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Procurement report laid in the House
The post of a regulator for procurement and the office of the regulator for procurement has been recommended by a joint select team of Parliament. A report from the team headed by Planning Minister Bhoe Tewarie was laid in the House of Representatives yesterday. Tightening of procurement procedures via legislation has been in the works since the previous administration’s tenure.
The People’s Partnership administration took up the issue last November, appointing a parliamentary committee involving Government, Opposition and Independent members from both Houses. The team was appointed to consider legislative proposals to provide public procurement and disposal of public property and to repeal and replace the Central Tenders Board Act.
Submissions were also received from representatives of the Inter-American Development Bank, World Bank and the contractor general of Jamaica. The committee recommended that the procurement regime must deliver goods and services more efficiently, effectively and at higher performance levels than at present.
It was also suggested that the system take into account clear lines of accountability and ensure transparency and promote ethical conduct. It was recommended that the office of the regulator be constituted as a statutory body independent of any ministry.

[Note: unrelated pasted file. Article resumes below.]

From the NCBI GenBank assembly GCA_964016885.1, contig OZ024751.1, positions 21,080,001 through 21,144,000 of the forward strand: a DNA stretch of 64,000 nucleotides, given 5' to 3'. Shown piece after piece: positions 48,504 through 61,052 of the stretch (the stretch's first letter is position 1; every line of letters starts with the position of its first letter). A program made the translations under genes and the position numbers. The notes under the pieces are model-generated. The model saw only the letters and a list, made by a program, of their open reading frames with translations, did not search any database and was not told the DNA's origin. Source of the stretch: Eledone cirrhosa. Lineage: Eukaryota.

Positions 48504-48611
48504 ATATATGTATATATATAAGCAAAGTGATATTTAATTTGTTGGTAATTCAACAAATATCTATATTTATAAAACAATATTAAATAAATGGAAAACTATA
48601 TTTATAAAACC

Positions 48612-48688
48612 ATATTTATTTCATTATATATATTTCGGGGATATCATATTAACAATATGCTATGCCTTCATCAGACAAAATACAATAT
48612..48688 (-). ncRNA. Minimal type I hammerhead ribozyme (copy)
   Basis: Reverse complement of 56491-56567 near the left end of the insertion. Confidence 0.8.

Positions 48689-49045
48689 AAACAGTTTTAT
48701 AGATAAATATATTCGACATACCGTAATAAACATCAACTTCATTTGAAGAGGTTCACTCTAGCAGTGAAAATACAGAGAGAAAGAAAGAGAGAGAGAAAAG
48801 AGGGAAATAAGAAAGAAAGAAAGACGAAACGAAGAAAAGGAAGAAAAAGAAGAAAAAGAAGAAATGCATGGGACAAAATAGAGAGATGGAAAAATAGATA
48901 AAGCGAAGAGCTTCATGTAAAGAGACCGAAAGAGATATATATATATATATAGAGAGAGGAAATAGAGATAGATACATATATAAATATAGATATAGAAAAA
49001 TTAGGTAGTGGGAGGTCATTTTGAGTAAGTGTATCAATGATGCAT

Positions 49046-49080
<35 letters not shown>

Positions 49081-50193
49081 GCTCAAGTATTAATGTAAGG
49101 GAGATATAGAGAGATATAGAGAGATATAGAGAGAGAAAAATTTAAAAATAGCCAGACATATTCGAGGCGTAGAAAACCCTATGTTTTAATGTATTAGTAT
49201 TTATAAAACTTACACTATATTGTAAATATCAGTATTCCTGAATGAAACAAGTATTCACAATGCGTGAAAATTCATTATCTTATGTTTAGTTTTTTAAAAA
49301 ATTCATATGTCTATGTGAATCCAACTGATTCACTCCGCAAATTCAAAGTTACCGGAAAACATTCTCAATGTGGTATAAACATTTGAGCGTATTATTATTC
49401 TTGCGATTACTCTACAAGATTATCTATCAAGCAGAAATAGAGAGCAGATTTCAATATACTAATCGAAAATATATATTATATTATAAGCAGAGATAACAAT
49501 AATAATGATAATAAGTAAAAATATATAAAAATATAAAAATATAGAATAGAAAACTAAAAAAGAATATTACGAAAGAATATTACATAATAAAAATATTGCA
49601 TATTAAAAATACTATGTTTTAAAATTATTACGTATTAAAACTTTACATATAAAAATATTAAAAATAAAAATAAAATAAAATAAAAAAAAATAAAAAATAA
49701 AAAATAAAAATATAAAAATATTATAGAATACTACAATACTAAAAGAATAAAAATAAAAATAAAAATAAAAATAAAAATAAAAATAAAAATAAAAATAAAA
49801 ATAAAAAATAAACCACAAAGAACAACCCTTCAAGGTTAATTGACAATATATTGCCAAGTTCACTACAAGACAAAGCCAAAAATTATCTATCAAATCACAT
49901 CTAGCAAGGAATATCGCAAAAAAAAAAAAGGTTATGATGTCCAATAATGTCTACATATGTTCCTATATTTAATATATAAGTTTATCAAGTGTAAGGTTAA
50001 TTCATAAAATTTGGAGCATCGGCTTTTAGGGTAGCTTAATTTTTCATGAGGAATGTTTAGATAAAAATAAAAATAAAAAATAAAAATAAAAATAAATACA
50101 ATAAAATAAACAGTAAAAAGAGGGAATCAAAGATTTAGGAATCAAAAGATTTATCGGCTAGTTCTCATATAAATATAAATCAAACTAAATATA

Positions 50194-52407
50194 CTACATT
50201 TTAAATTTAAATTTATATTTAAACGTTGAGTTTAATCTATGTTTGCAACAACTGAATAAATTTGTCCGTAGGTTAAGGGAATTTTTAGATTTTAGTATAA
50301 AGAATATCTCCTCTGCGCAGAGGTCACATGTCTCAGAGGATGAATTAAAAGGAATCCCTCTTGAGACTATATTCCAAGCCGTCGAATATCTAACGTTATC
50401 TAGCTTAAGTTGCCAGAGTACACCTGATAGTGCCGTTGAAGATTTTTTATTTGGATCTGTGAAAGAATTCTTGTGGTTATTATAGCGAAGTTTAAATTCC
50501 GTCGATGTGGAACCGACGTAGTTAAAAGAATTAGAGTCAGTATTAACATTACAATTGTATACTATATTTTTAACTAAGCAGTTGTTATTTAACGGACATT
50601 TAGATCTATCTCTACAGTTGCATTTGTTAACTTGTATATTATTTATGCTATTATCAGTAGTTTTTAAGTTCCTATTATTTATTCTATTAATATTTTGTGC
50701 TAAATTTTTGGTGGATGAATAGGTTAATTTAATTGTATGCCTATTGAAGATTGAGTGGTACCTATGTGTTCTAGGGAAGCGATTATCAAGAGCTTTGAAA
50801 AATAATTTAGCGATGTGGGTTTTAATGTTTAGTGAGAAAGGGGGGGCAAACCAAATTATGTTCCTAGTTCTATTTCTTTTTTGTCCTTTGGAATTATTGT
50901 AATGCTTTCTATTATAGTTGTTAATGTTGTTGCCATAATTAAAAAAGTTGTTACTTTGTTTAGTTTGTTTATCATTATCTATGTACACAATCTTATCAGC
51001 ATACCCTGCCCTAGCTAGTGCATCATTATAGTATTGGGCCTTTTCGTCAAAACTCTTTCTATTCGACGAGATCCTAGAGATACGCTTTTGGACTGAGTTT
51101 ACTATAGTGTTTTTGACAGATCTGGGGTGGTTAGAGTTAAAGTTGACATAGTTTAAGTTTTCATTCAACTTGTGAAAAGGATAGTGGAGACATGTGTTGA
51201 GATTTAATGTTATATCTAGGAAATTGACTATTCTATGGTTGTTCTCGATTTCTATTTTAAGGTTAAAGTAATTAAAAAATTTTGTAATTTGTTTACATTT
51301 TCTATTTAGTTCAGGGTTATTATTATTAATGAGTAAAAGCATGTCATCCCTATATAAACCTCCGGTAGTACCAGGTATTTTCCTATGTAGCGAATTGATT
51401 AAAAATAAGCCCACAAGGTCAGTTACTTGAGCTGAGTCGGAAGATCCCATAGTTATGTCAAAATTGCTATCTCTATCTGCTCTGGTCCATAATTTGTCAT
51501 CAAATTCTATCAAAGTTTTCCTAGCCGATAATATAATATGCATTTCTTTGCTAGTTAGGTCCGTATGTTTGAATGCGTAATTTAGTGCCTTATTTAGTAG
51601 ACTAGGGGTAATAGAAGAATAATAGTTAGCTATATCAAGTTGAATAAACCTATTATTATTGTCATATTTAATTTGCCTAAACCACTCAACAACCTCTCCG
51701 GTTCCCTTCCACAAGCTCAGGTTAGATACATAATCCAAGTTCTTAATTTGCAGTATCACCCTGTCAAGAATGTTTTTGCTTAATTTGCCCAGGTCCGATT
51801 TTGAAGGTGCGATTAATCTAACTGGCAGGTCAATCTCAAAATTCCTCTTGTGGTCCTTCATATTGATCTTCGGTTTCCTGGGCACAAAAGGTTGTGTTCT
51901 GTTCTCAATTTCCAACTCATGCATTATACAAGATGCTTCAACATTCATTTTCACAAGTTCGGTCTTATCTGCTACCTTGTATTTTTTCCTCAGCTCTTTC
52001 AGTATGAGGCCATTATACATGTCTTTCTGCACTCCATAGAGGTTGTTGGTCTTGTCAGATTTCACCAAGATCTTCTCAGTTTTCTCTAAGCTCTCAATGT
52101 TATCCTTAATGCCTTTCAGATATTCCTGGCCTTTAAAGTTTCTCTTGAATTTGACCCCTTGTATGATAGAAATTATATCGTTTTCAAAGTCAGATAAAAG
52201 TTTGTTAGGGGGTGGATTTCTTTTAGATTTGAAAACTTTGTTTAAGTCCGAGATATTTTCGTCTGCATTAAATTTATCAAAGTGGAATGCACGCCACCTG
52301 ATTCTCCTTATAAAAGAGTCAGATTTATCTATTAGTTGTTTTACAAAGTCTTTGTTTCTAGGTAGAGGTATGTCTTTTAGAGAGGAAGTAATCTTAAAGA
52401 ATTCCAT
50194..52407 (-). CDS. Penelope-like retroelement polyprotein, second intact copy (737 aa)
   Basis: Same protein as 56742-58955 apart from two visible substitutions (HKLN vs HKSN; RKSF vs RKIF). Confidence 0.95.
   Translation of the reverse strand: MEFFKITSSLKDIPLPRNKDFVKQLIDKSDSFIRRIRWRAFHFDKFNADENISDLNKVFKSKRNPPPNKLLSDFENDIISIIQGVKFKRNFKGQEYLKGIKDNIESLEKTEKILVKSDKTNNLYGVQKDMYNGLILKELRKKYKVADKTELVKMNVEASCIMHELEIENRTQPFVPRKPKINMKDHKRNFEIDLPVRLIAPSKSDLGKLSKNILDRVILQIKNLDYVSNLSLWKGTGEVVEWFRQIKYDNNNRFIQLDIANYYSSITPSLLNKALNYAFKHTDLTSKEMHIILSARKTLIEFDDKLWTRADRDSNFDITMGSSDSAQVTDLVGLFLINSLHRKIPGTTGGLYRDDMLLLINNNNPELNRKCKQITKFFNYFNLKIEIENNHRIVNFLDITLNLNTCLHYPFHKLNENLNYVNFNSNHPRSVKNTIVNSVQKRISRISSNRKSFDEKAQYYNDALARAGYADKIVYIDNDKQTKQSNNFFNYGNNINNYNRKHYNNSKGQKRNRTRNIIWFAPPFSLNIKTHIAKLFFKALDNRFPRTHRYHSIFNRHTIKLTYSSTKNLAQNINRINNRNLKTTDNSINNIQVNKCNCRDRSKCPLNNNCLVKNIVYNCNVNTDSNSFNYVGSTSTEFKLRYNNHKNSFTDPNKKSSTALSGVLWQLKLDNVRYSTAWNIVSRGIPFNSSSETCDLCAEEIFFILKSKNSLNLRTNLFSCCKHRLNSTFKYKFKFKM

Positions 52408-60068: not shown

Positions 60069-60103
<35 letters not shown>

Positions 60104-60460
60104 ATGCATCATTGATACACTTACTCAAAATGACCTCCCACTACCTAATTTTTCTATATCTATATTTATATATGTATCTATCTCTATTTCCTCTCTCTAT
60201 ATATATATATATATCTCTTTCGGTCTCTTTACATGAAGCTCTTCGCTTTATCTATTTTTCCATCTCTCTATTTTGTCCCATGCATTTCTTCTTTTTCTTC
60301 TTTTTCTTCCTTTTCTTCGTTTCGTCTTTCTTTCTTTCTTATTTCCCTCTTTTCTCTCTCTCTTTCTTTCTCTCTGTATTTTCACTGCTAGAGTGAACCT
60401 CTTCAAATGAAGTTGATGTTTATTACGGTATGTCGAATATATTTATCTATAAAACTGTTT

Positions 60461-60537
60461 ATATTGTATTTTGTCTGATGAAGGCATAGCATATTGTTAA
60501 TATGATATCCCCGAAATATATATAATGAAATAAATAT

The team suggested that to oversee the regulator’s reporting to Parliament, the Public Accounts Committee be made to perform the oversight function and that the procurement regulator should be also accountable to the Public Accounts Committee. The joint select committee said the regulator should be responsible for establishing centralised rules and regulations that will generally guide procurement matters at all levels, including electronic procurement.
The regulator will be appointed by the President. It was recommended that the regulator be responsible for investigating complaints from any party involved in public procurement. They will also ensure that the procurement process at all levels is above reproach at all times and will address complaints in expeditious ways.
The regulator will also identify matters which may require investigation and make recommendations to the Finance Minister for action on any matter where issues of transparency, probity or good governance may be compromised. The regulator will have to report to Parliament yearly. He or she will also have to submit special investigation reports within 30 days of the initiation of an investigation to the Finance Minister and Parliament.
The committee also recommended that the regulator be able to select and appoint staff to the office of procurement regulator on a merit basis. The regulator will also be able to employ alternative dispute resolution and mediation in the settling of complaints. The House later debated the recommendations. The House also passed amendments made in the Senate to the Electronic Monitoring Bill.
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